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Essential Ski Gear for Your Winter Holiday Packing List

03 October 2017

Essential Ski Gear for Your Winter Holiday Packing List, with insider knowledge from our friends at European Snowsports:


If you’re going skiing for the first time this winter, or if you go every year but always forget an essential piece of kit, we’re here to help! Ski gear can be a tricky one; conditions are always changeable and smaller bits of kit are easy to leave in a drawer at home. But with our handy kit list, you can make sure you’ll always have the absolute essentials to hand.


Whilst you are able to rent almost anything you need; like skis, boots and in some cases, outerwear (as we do here at Mountain Air), trust us, there’s some kit that’s better bought yourself! Even if you don’t manage to get hold of it before you leave (or arrive to realise you’ve left it in the bottom of your wardrobe), all the following gear is readily available in resort:




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Socks should be first on your packing list as they’re so easily forgotten. Take AT LEAST two pairs with you; even if you go for full Merino, you won’t want to put on a pair of stiff, sweaty socks on the sixth day of your holiday. Make sure your socks are either thick or thin, not an obscure collection of both. That’ll wreak havoc with your feet in ski boots.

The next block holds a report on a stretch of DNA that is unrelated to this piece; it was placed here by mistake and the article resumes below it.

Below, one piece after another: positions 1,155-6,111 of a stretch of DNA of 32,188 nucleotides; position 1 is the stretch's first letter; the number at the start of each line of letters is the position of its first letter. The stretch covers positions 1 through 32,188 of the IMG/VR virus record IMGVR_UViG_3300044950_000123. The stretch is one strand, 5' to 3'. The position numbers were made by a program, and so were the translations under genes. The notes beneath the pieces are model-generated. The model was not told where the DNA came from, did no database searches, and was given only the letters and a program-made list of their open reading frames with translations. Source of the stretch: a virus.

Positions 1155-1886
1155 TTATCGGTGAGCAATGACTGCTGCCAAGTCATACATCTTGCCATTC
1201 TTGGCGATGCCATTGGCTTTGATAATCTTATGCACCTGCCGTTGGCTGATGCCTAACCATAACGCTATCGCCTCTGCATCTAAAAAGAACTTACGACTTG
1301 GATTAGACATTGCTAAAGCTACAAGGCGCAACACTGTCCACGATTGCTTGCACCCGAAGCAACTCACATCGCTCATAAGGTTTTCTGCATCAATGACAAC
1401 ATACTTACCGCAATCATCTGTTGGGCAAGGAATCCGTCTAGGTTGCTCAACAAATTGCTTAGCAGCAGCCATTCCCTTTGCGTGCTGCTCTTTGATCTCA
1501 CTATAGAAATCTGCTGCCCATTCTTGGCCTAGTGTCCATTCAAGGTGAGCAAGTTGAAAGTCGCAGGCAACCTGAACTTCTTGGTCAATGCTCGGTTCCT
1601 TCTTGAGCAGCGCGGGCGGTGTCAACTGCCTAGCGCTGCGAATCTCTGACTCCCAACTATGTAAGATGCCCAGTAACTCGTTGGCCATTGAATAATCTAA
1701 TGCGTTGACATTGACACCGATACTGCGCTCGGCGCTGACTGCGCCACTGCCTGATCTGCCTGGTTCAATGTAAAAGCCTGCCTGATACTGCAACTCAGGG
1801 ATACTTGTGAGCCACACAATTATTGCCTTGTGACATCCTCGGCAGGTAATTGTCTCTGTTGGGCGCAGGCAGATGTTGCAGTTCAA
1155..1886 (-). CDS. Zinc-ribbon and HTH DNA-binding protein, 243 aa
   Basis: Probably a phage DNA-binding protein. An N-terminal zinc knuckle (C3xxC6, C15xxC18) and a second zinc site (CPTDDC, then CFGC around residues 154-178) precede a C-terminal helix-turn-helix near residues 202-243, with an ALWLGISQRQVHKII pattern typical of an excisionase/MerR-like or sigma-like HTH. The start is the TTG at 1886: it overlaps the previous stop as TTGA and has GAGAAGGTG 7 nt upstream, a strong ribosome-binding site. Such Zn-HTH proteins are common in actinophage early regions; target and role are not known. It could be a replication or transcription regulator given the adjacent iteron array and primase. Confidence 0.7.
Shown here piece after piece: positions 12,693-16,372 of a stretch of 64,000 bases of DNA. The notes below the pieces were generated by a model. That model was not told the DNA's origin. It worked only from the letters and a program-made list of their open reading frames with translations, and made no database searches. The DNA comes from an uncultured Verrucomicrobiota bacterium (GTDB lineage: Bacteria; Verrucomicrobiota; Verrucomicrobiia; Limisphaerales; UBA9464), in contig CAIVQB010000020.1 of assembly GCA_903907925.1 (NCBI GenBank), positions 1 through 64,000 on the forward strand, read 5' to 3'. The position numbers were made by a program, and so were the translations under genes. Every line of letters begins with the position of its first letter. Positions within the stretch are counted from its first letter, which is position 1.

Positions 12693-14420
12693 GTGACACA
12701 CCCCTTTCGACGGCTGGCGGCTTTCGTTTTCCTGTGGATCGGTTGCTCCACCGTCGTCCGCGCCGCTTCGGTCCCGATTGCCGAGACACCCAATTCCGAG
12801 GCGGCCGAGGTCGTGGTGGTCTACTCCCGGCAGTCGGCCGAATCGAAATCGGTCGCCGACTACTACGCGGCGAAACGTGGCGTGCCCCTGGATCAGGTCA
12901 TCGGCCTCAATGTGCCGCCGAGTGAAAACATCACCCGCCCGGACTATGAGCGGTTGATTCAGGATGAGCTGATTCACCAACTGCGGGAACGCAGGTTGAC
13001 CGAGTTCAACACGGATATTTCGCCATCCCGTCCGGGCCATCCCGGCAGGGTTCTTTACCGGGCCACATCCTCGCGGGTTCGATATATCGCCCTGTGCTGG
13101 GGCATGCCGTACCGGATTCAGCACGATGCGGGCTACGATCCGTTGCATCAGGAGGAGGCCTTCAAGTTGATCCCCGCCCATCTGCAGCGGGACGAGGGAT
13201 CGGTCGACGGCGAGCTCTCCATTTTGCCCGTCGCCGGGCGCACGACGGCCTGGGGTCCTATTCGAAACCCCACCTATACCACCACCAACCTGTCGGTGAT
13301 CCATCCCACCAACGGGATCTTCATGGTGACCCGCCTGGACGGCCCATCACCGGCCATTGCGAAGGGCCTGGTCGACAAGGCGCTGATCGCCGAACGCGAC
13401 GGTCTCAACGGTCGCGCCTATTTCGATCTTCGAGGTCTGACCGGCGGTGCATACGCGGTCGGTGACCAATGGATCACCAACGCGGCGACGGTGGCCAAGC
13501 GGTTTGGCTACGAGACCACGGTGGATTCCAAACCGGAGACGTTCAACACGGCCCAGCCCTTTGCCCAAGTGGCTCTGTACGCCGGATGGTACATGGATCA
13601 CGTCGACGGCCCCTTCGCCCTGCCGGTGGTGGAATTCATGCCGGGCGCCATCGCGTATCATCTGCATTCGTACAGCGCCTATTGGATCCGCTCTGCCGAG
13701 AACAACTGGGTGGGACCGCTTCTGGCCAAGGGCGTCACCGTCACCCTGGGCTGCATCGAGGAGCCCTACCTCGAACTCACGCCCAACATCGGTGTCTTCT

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At Mountain Air we have a selection of high quality socks from Falke and Ice Breaker. We would recommend spending a little extra on getting Merino socks as they will keep your feet drier for longer. Wet feet means cold feet and that’s no fun at all at the end of the day.


Good Gloves



Even if you have fantastic circulation, your fingers are the outermost extremities of your body and they’re usually the first thing to get cold. Mittens are great if you have poor circulation because they allow your fingers to stay close and share heat like huddling penguins. One thing is for sure though, don’t scrimp on gloves – they can be the difference between a good or bad day. Make sure you dry them out at night, too. No one likes putting on damp gloves in the morning.